“Swamis” Rescue Plan

Not everything is subjective. Writing is.

I have gotten enough feedback on my second completed version of “Swamis” to know that what I feared might be true is true. I tried to pack too much information, exposition, backstory; way too much backstory into what is, at it’s heart, a very tellable tale, even a very readable novel.

And it still could be. It will be.

“This just isn’t working. It’s neither a nose ride-sideslip-to-save nor a really cool Hawaiian pullout; maybe I’m at the wrong angle.”

I sent the latest manuscript out to, as I recall, six, maybe seven people I trusted to be honest in their (subjective) assessment. So, while one of my contemporaries (age-wise, surf experience-wise) initially was into it, farther in he was less so, bogged down by drop-backs and time-changes and such. Okay. Legitimate comment.

One of my oldest clients, a woman who has run her own successful business for the more than thirty years I’ve know her, and who is well read enough in the detective novel genre to spot any hole in a plot (including in some episodes of “Vera,” which Trish and I love; including “Bosch,” also one of our favorites), admitted “Swamis” is a difficult read, but said, after heroically completing the first, ‘unexpurgated’ version, that she remembered and “really had a feel for each of the characters.” Partway through the second version, she said the manuscript had “Sort of European feel.”

I’m fairly sure my taking this as a compliment is, subjectively, correct. I read a couple of the American paperback detective novels she gave me. So American.

My third review came by way of e-mail and included apologies for not loving it, a sentence on knowing what I was going for that included ‘a slice of life,’ and something about ‘cutesiness.’ Give me a second to defend myself against that slander. No cutesiness, I was trying to make fictional characters seem real with anecdotes, ‘slices of life’ if you will, that reveal something that might render a character more complete and authentic, or give context and background on why that individual behaves as he or she does.

Actually, while I am grateful that reader (claims to have) made it though both versions, I mostly wondered why he was sorry for not liking something he read rather than wrote. I should be sorry.

And I am.

What still kind of nags at me is the non-responses. Either the manuscript is non-readable or, maybe, silence is better than hurting my obviously-sensitive feelings. It isn’t. If I am sensitive, I’m way more determined. If, in order to have “Swamis” published by someone other than me, I must cut out more side stories than I already have, I will. I will, and I will (continue to) publish those little slices and chunks here.

So look for them, but bear in mind, I have faith in the underlying story AND I have other things in mind for “Swamis.”

Wait; do I sound angry? I am as angry as I am determined, but not angry with the messengers; they just tried to read stuff I’m trying to write. I’m going to Sequim tomorrow, maybe I’ll get a copy printed up of the latest manuscript, stick it in a box next to the ‘Unexpurgated Version.’

I’m thinking a little backstory on Rusty McAndrews might be the first of the second round of “Sideslipping.” In the future book, he might only be identified as “the kind of upperclassman bully every freshman in the locker room fears being noticed by.” In the outtake, he’s worse.

Wait, I just have to add this: I was describing “Swamis” to Rip Curl (real first name Chris, Curl might be spelled differently), from San Diego (Coronado, to be precise, but he now lives in, urg, Rancho Bernado), the father of one of several twenty-something surfer/farmers trying to make a go of either or both of these things in the Pacific Northwest. “Guy gets burned up against the wall of the Self Realization Fellowship. Another guy was ‘overrun’ in Vietnam… and survived. The main character is responsible for the death of his father.” “Sounds kind of dark.”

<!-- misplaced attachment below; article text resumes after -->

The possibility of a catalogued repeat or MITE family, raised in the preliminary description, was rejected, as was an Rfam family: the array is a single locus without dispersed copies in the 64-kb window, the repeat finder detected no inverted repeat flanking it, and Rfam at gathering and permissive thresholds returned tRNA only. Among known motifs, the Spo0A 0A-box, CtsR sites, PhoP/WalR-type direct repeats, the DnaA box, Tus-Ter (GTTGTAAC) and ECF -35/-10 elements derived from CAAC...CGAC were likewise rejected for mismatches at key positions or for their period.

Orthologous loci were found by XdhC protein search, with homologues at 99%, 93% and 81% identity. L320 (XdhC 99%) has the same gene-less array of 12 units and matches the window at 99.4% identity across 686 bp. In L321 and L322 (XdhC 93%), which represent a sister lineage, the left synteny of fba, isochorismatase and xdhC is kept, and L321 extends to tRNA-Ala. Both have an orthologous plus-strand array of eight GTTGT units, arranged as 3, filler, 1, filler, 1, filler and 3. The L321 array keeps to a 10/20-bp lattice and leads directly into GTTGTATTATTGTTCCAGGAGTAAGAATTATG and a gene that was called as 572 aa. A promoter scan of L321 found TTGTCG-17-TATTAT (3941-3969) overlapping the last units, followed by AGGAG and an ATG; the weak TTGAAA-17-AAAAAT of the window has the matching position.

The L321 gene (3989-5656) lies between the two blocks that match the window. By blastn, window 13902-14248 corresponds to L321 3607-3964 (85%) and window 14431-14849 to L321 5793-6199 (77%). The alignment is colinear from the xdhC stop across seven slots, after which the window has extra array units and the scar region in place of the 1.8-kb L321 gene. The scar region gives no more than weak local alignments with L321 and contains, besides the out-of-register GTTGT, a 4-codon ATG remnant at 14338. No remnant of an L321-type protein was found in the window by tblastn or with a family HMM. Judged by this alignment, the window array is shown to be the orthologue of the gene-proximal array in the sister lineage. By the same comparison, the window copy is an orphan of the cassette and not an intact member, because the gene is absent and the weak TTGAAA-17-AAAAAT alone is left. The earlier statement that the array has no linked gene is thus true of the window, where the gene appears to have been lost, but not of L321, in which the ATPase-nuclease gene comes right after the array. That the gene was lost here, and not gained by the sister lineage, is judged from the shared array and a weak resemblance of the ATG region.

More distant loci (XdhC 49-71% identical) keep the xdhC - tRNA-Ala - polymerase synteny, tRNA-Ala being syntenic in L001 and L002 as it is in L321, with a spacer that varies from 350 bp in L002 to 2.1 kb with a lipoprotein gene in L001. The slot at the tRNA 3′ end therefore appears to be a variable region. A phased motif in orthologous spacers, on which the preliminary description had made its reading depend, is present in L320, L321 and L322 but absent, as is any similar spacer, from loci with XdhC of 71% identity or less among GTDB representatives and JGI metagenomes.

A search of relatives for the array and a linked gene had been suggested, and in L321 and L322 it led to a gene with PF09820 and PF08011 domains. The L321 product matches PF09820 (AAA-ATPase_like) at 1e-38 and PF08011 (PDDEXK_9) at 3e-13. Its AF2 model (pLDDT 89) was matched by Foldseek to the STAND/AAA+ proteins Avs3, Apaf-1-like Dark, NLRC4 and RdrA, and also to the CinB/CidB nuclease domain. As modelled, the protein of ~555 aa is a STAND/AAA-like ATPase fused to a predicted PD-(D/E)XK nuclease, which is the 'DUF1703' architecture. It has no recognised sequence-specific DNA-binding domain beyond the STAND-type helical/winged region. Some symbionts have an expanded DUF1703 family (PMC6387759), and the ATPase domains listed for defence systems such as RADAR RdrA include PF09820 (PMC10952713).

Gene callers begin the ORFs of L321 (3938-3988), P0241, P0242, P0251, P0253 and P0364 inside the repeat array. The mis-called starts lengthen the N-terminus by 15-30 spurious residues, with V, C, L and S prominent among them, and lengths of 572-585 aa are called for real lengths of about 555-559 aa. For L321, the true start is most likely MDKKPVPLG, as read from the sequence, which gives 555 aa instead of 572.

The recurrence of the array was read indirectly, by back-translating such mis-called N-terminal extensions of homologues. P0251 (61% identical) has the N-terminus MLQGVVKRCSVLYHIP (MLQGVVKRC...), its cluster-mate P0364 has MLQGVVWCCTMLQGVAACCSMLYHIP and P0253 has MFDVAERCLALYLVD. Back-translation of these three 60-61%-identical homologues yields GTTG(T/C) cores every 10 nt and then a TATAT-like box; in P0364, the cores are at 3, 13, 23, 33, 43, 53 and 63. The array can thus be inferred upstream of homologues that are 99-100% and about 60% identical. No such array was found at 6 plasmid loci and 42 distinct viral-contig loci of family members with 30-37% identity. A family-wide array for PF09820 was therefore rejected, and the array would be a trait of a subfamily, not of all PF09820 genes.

“Really? I mean, really, it’s, it’s, it’s kind of, um (I’m imagining Kafka, laughing as he writes), European.”

“Swamis” is a Tough Read

It isn’t as if I’m not aware that even my latest rewrite of my novel, “Swamis,” has way too many side stories attacking and (to stress the metaphor) dropping in on the plotline, too many peripherals and tangents; it’s just that I love the little side stories that make fiction seem like something that just could, perhaps, happen.

Here’s how a novel is supposed to be: Minimal characters, as if the selected group move in a world that is less crowded and far less complicated than any we can actually find. Anything that doesn’t move the plot has to go. We all have attention deficit disorder, including me.

Still, as someone who has already jettisoned and backspaced-out tens of thousands of words, eliminated multiple supporting characters and side stories; I can’t help but believe it’s better to have too much and cut some than pad a weak story already too familiar.

Or maybe readers want familiar. I know there is a formula; you don’t know how disappointed I will be if I have to strictly follow it.

“And then, this one time…”

Because I do get off topic, here’s this: I watched a little YouTube, billed as ‘great waves at Trestles.’ It was clearly, with uncrowded conditions and each surfer in a colored jersey, some sort of contest. I am very familiar with the spot. I won’t go into how I became familiar or when, but surfers were concentrating on the off-the-tops and cutbacks, with most performers/contestants pulling a last air with fifty feet of rideable wave going unridden. Perhaps one or two high-lined that last section, sliding just under the lip, gliding, freefall floating into a pullout.

Yeah. “Swamis” needs some more cutting. Working on it. Doing what, in my painting life, I refer to as ‘tightening it up.” Still, I can’t help but hold on to the overcrowded versions. If I don’t hold my words as precious, I do admit to being a bit… retentive.

RA-KAN-‘TAR- A Person who Excels in Telling Stories and Anecdotes… and more